BA in Ecology, Evolution and Environmental Biology, Columbia University 2005
Daniel Sarna-Wojcicki is a PhD candidate in the Department of Environmental Science, Policy, and Management, division of Society and Environment. His research is on epistemic justice and community-based knowledge generation in democratic environmental governance. He is particularly interested in watershed democracy, a form of hydrologically-grounded political association that attempts to engage all watershed inhabitants in producing knowledge and making decisions about the management of their watersheds. For his dissertation, Daniel is researching the history and cultural politics of watershed-based governance in the Klamath River Basin in northern California, looking specifically at how different integrated resource management policies influence Karuk Tribal sovereignty, territory and access to cultural resources. He is comparing watershed-based governance with other bioregional scales and social formations such as firesheds and foodsheds, to examine how scalar politics and epistemic practices vary across different arenas of Klamath environmental governance.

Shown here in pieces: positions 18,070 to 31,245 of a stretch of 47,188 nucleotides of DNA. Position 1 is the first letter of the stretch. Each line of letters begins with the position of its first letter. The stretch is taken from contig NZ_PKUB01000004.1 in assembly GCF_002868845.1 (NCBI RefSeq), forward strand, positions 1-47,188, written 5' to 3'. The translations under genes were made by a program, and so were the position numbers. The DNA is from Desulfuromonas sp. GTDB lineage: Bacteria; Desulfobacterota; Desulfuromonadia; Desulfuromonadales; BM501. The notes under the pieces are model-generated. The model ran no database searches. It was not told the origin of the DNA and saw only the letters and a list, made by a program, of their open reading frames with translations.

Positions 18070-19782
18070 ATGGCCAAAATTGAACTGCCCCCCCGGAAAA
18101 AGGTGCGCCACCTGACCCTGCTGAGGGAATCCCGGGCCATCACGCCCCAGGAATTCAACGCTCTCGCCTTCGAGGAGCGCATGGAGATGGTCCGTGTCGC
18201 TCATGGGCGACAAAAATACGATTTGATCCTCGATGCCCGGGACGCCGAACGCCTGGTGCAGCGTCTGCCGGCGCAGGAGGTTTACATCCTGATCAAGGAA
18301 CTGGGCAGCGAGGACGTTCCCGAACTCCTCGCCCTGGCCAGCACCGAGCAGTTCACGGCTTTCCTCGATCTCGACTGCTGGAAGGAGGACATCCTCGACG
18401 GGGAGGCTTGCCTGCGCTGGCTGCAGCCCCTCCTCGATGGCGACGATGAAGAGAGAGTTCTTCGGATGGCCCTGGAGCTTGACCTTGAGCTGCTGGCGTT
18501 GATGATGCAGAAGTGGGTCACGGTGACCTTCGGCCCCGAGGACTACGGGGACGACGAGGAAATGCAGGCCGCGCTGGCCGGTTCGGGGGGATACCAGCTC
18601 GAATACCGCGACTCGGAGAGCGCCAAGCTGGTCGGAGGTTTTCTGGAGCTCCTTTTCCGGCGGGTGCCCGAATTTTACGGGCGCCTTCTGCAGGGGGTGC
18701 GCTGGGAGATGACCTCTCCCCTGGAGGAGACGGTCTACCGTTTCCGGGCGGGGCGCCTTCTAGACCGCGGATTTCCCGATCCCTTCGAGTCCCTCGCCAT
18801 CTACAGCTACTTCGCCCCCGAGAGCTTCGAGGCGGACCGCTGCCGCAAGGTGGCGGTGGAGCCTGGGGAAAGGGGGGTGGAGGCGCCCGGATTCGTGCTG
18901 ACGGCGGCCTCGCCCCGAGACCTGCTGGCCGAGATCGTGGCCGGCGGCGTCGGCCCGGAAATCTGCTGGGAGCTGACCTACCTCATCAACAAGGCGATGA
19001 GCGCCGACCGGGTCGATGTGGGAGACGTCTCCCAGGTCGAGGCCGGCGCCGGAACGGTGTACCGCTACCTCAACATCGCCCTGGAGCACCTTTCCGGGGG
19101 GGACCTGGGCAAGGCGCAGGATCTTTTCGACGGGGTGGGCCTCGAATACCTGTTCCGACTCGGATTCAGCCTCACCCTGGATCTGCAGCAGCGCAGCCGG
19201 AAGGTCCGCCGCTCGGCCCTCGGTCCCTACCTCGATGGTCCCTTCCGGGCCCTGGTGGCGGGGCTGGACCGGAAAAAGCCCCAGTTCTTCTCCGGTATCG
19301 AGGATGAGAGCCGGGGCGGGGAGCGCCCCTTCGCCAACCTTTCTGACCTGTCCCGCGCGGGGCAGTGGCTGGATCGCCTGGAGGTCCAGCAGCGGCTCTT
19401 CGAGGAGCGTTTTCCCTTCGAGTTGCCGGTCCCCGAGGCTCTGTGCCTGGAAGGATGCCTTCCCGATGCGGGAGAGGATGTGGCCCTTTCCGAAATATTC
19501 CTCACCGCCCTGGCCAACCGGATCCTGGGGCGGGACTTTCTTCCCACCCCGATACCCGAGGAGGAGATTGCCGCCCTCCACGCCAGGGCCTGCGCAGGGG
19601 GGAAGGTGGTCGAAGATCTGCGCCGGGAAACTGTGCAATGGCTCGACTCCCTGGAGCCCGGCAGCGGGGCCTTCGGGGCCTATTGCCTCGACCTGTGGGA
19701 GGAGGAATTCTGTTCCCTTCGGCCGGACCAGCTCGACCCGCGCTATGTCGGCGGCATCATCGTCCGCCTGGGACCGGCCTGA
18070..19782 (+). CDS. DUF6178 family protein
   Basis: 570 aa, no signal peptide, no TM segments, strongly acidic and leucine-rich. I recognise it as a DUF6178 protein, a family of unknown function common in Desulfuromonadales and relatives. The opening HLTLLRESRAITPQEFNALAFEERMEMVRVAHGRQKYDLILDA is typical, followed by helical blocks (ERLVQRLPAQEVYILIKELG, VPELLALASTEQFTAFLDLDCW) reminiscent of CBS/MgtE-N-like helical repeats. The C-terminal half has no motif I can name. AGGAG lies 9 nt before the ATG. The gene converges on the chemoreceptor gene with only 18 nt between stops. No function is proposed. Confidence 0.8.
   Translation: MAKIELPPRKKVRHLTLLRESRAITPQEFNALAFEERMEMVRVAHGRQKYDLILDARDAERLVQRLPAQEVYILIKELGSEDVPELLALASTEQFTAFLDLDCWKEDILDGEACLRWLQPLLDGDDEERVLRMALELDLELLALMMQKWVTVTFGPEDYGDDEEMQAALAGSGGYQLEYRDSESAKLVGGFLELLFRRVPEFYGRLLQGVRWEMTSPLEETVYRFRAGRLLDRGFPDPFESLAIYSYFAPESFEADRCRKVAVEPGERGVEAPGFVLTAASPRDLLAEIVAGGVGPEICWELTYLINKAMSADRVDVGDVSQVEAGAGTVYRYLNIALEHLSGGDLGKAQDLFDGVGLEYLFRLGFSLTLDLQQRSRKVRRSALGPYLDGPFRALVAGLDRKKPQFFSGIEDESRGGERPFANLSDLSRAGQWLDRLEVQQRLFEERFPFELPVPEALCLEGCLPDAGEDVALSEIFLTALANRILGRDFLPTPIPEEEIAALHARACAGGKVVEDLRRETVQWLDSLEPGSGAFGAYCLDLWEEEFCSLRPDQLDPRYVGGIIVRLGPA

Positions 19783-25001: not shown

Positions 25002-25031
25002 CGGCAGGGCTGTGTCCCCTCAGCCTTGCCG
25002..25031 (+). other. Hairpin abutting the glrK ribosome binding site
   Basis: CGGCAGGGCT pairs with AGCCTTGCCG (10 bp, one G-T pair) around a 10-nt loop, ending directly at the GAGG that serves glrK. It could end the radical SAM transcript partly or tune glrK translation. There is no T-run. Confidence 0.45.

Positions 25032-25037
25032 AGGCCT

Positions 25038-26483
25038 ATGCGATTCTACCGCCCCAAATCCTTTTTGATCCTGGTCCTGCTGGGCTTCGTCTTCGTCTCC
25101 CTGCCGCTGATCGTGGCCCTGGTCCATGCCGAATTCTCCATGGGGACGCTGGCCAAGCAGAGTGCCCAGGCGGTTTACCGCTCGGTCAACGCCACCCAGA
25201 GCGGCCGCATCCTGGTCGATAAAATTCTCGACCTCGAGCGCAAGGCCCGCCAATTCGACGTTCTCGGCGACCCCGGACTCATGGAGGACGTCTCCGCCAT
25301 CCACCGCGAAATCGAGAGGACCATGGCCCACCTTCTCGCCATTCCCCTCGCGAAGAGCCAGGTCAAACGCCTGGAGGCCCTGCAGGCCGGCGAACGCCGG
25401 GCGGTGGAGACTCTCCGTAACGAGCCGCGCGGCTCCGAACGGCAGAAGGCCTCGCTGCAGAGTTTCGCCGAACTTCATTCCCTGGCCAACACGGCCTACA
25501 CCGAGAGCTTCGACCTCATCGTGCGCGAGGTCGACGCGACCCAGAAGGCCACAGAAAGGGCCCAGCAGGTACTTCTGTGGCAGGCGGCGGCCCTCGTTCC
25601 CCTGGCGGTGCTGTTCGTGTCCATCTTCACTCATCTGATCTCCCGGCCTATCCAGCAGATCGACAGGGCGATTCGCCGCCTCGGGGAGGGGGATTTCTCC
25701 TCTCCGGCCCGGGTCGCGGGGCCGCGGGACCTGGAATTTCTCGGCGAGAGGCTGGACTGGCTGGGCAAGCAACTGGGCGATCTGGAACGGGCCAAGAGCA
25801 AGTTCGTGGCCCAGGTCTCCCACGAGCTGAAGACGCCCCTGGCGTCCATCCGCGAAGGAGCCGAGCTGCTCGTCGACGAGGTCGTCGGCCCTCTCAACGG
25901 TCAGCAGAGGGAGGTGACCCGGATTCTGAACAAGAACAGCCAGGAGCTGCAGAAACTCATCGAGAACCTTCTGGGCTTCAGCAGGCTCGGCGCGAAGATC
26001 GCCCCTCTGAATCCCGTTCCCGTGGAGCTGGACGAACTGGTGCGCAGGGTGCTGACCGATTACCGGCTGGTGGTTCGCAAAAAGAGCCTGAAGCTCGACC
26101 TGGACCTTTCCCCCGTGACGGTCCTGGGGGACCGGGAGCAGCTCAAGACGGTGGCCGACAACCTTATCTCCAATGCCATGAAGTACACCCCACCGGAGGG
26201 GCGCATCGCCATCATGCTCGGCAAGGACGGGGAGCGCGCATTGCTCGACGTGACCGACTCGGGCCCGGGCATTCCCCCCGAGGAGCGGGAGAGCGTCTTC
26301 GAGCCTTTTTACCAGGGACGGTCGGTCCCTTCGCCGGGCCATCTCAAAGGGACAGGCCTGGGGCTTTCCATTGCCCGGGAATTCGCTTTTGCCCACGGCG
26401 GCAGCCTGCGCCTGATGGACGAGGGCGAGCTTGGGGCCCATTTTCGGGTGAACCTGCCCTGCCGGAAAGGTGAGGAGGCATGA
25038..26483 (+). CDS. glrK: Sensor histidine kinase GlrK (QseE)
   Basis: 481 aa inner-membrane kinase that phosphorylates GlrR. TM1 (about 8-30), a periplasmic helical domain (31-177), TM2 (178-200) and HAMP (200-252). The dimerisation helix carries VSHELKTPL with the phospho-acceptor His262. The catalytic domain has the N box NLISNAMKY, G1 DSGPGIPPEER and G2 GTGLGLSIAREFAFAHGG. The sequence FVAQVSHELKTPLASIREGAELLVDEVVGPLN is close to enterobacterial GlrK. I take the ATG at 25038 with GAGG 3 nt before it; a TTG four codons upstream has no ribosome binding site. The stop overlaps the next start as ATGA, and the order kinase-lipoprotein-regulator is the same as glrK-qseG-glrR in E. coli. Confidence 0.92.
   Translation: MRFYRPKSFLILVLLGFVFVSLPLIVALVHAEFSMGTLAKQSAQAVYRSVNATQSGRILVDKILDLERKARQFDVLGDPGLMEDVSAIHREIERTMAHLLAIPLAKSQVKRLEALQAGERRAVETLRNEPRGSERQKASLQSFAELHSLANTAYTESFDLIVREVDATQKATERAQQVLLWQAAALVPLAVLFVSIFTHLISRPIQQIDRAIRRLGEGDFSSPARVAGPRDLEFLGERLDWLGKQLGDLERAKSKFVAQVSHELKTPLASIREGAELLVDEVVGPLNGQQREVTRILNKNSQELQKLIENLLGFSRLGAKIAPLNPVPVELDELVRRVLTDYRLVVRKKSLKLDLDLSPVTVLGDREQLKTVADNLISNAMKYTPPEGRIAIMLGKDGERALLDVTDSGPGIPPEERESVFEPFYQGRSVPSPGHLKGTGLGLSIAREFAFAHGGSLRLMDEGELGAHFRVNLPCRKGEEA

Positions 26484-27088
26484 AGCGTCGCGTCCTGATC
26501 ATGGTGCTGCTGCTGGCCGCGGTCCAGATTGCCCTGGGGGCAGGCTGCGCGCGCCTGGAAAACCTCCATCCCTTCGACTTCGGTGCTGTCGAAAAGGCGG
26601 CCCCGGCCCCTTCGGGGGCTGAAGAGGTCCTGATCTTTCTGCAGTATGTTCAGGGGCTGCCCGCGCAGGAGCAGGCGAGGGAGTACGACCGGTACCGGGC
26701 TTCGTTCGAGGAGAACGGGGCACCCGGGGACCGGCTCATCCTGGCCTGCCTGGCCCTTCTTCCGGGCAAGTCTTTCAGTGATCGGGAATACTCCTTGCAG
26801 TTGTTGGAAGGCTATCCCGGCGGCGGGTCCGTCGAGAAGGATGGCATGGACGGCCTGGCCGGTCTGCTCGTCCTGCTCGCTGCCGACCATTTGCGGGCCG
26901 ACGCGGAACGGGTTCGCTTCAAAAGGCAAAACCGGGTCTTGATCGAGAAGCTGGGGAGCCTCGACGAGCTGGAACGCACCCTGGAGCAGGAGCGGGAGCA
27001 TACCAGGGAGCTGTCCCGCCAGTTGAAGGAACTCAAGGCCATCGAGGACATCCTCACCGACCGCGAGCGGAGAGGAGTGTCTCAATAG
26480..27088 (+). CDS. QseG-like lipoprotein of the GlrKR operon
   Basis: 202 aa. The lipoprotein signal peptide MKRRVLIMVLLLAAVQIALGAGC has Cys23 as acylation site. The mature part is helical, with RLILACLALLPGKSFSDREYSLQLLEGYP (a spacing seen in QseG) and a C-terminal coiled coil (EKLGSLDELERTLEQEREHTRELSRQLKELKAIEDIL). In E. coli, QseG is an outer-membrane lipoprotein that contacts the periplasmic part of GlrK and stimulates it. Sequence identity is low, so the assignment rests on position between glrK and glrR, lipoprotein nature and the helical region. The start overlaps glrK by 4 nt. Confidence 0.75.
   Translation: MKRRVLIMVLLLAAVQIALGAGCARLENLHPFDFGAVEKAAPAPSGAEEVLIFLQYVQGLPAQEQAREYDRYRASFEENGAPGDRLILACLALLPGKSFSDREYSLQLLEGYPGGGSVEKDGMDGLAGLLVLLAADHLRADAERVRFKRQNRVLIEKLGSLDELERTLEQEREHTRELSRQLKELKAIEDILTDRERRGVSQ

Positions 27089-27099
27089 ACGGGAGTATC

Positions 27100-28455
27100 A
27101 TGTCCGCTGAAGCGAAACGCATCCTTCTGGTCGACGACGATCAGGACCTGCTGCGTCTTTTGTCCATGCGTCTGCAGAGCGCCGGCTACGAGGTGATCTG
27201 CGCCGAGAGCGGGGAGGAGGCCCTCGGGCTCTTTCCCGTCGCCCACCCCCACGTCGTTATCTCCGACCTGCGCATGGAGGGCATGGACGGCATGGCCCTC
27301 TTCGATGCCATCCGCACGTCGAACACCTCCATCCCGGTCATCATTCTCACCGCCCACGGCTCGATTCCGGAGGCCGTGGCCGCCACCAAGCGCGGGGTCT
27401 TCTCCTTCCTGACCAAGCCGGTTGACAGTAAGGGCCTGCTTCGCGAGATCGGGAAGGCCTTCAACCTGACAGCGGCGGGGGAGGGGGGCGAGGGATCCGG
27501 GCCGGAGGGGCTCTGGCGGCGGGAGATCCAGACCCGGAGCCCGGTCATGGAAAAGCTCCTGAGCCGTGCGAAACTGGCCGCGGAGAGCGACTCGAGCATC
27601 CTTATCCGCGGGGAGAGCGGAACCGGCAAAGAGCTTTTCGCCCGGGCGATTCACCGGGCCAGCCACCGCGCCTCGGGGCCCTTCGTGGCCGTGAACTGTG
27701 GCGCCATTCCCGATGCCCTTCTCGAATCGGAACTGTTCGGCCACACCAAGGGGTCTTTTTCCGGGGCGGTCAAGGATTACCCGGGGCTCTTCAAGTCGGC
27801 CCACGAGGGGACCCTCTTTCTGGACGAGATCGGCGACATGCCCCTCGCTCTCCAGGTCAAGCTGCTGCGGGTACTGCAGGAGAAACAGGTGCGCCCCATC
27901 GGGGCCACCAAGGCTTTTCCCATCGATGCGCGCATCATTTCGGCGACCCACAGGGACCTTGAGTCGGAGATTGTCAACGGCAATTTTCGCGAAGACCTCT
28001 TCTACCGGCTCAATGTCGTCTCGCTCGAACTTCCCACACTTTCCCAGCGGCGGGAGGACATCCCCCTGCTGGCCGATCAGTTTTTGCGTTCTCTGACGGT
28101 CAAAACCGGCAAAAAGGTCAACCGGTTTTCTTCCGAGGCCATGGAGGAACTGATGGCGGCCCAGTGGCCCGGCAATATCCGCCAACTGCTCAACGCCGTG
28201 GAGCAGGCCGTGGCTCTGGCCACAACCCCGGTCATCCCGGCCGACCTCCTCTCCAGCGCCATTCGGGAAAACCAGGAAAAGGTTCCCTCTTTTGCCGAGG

Sarna-Wojcicki, D. R. (2014). Ethics and epistemology: Giving back in the Klamath. Journal of ResearchPractice, 10(2), Article N21.
Sarna-Wojcicki, Daniel. (2009). Indefinite Deferral: Imagining Salinas Valley's Subterranean Stream. Water Resources Center Archives.